Skift Take

It's the classic chicken-and-egg dilemma, but more hotels are forging ahead and building in remote areas — confident travelers and businesses will follow.

When Banyan Tree Group became the first international hotel group to build a Maldives property 30 years ago, there were just a smattering of flights to and from the country. But the archipelago has since become a honeymoon destination as hot — and haute — as its sunny shores.

Being the first in a destination can not only help establish a hotel brand, but also put it in a position to spark local growth and economic development. Setting up shop before competitors can help hotel companies lure travelers to destinations they otherwise might not have considered.

“A typical hotel group would go to a city location, a safe location that’s trialed and tested so, especially if you’re new to the game, you don’t risk anything,” said Eddy See, president and CEO of Banyan Tree, which will launch five new brands in Africa and Japan by 2025 as well as others throughout Mexico and elsewhere in Asia.

“We typically like to pride ourselves on having the first-mover advantage, and set the pace for others to follow.”

Cities aren’t exactly the safe choice for the modern traveler as they once were, which has put Banyan Tree and others willing to go out on a limb — and off the beaten path — in a more favorable position than even just five years ago.

John Flannigan, owner and founder of Wylder Hotels, believes the Wylder Tilghman Island, which opened in 2018 just off Maryland’s Chesapeake Bay, has benefited from its status as the only luxury property on the roughly 1,000-person enclave.

“The people who come to our resort spend a lot of money in the area. We’ve seen housing values go up, jobs are created,” said Flannigan.

“The locals like to come in and meet with and engage the guests. But we also put on community history talks — these are opportunities you don’t get in an area that’s more developed.” 

The same holds true in Eugene, Oregon for Obie Hospitality. “Our hotels really focus on bringing in the community and sharing that with guests and that’s very much what we’ve done at Inn at 500 Capitol and our Eugene properties with unique, boutique, hands-on experiences,” said Nicole Roselio, Obie’s vice president of marketing and design.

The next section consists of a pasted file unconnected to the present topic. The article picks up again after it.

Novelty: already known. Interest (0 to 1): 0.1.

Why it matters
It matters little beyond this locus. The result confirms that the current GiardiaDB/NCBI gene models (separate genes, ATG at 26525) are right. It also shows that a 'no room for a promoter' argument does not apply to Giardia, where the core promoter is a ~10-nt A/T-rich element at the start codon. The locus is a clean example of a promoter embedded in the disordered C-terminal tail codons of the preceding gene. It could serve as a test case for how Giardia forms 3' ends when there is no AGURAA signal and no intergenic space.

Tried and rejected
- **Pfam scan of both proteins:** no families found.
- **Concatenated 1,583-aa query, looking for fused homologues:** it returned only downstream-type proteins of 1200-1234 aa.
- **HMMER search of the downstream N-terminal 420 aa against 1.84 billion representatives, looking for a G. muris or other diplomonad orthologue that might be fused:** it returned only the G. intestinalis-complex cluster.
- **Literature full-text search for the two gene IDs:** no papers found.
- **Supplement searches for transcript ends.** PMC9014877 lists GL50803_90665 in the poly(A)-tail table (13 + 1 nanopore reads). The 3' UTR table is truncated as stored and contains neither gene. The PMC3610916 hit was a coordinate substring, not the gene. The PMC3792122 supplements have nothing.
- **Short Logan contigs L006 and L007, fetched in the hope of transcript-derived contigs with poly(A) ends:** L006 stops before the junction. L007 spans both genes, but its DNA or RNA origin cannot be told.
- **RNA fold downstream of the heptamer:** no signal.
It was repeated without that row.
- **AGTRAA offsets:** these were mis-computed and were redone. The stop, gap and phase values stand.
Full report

At Inn at the 5th in Eugene, for instance, those experiences include tastings of rarely sampled wines from Oregon’s Southern Willamette Valley, running lessons with a local Olympian, and guest room furnishings that repurpose wood from one of Nike’s original buildings. The city — nicknamed TrackTown USA — will, later this year, become the first in U.S. to ever host of the World Track and Field Championships, which will bring further attention to the birthplace of the sportswear giant.

Obie got a leg up on the competition by opening in 2012, seven years before other upscale properties including a Graduate Hotel. Roselio says the strategic investment kept the pace with expansion at the nearby University of Oregon campus while also giving her brand a foothold.

“You know you’re going to have families coming here not only for four years, but also for campus tours. We can be their home away from home, and we’ve built those relationships,” she said.

“But what we’ve also done here is helped with awareness of this as a destination.”

[UPDATE: The article has been updated to include information about where Banyan Tree Group plans to expand.]

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Tags: banyan tree, future of lodging, hotels, oregon

Photo credit: A dock on Tilghman Island, Maryland, where Wylder Hotels built a luxury property. Chesapeake Bay Program / Flickr

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